A not entirely serious Glossary of Project Management terms:

Activity List

You need one of these. It will define the tasks (activities) needed to finish the project. Think of a shopping list. A BIG shopping list.

Budget

Not only money, but all your resources. Count yourself in it and the office cat. There is never enough budget, of course.

Constraints

Constraints are factors that will limit the project manager’s options. For example, a predefined budget is a constraint that is highly likely to limit your options regarding scope, staffing, and schedule. When a project is performed under contract, contractual provisions will generally be constraints.

Customer

The individual or organization who will use the project product. There may be multiple layers of customers. For example, the customers for a new pharmaceutical product may include the doctors who prescribe it, the patients who take it, and (in the USA) the insurers who pay for it.

Key success criteria

What your success is measured by. IF you are very lucky (and I have been) you get to write these. Marketing hate writing these, so here’s your opportunity!

Project sponsor

The big-wig who wants this all done. Theory has it, this person will sort out any problems you have with higher management, and will ‘sponsor’ the project through the organisation. Ha! They go to ground pretty-damn-quick, usually.
Formal Definition: the individual or group within the performing organization who provides the financial resources, in cash or in kind, for the project.

Project stakeholders

The individuals and organizations who are actively involved in the project, or whose interests may be affected as a result of the project. You’ve got to identify the stakeholders, their needs and expectations, and then manage and influence those expectations to ensure a successful project. Easy peasy, really. So, tell me, is a call centre worker whose future employment depends on the outcome of a new product design project a stakeholder?

Key stakeholders on every project include:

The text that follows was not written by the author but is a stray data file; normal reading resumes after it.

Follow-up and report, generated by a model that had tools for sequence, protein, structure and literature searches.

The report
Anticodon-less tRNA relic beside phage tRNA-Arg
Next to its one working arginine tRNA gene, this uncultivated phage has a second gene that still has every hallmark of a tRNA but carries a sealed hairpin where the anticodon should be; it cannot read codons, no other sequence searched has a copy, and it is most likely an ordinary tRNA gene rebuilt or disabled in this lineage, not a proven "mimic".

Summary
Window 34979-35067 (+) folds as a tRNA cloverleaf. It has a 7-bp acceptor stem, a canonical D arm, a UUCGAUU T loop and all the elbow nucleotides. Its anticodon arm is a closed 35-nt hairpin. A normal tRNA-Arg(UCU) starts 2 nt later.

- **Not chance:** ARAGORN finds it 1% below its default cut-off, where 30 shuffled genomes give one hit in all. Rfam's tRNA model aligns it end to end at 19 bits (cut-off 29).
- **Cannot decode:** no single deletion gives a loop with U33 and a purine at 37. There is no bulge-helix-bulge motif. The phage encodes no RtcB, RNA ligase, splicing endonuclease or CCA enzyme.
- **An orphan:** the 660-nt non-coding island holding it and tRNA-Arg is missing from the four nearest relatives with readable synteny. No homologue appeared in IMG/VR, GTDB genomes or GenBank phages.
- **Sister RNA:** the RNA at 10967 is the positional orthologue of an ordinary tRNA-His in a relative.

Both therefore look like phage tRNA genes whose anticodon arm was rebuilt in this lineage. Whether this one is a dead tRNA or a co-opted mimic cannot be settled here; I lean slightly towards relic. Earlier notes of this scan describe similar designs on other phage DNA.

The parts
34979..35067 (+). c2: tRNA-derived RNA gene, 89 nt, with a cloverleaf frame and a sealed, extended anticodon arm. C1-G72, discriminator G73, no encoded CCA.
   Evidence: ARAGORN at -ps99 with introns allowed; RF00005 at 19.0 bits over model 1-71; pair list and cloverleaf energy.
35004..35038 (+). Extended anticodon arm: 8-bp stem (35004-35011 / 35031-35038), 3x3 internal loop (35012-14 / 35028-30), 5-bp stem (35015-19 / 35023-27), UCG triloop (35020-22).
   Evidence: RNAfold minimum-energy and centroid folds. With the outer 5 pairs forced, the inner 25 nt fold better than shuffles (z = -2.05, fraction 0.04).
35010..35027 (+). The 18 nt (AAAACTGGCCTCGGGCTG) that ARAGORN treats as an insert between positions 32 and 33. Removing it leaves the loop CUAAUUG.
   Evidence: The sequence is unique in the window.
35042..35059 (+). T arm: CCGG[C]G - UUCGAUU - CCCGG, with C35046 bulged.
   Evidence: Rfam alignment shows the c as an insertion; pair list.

• Project manager –aha! Guess who?
  • Customer (see elsewhere)
  • Performing organization –the enterprise whose employees are most directly involved in doing the work of the project.
  • Sponsor (see elsewhere)

Project risks

Everything that can go wrong. Start listing them now. Why didn’t you start yesterday? And, yes, I meant everything.

Project Scope

What the project covers, what it doesn’t cover. The limits of your responsibility. Be careful in drawing this up. A definition of Project scope (i.e. a written scope statement) is essential to your future health, wealth and well-being.
For example, an engineering firm contracted to design a petroleum processing plant must have a scope statement defining the boundaries of its work on the design subproject. The scope statement forms a basis for identifying project objectives and project deliverables.

Scope Planning

The process of developing a written scope statement as the basis for future project decisions including, crucially, the criteria used to determine if the project or project phase has been completed successfully.

Scope statement

The scope statement should include, either directly or by reference to other documents:

  • Project justification–the business need that the project was undertaken to ad-dress. The project justification provides the basis for evaluating future trade-offs.
  • Project product–a brief summary of the product description
  • Project deliverables–a list of the summary level sub-products whose full and satisfactory delivery marks completion of the project. For example, the major deliverables for a software development project will include the working computer code, a user manual, and full documentation.
  • Project objectives–the quantifiable criteria that must be met for the project to be considered successful. Project objectives should include: cost, schedule, and quality measures. Unquantified objectives (e.g., customer satisfaction) entail high risk as you can never prove you met them.

Work Breakdown Structure

Essentially a structured Activity List. It defines the tasks (activities) needed to finish the project.

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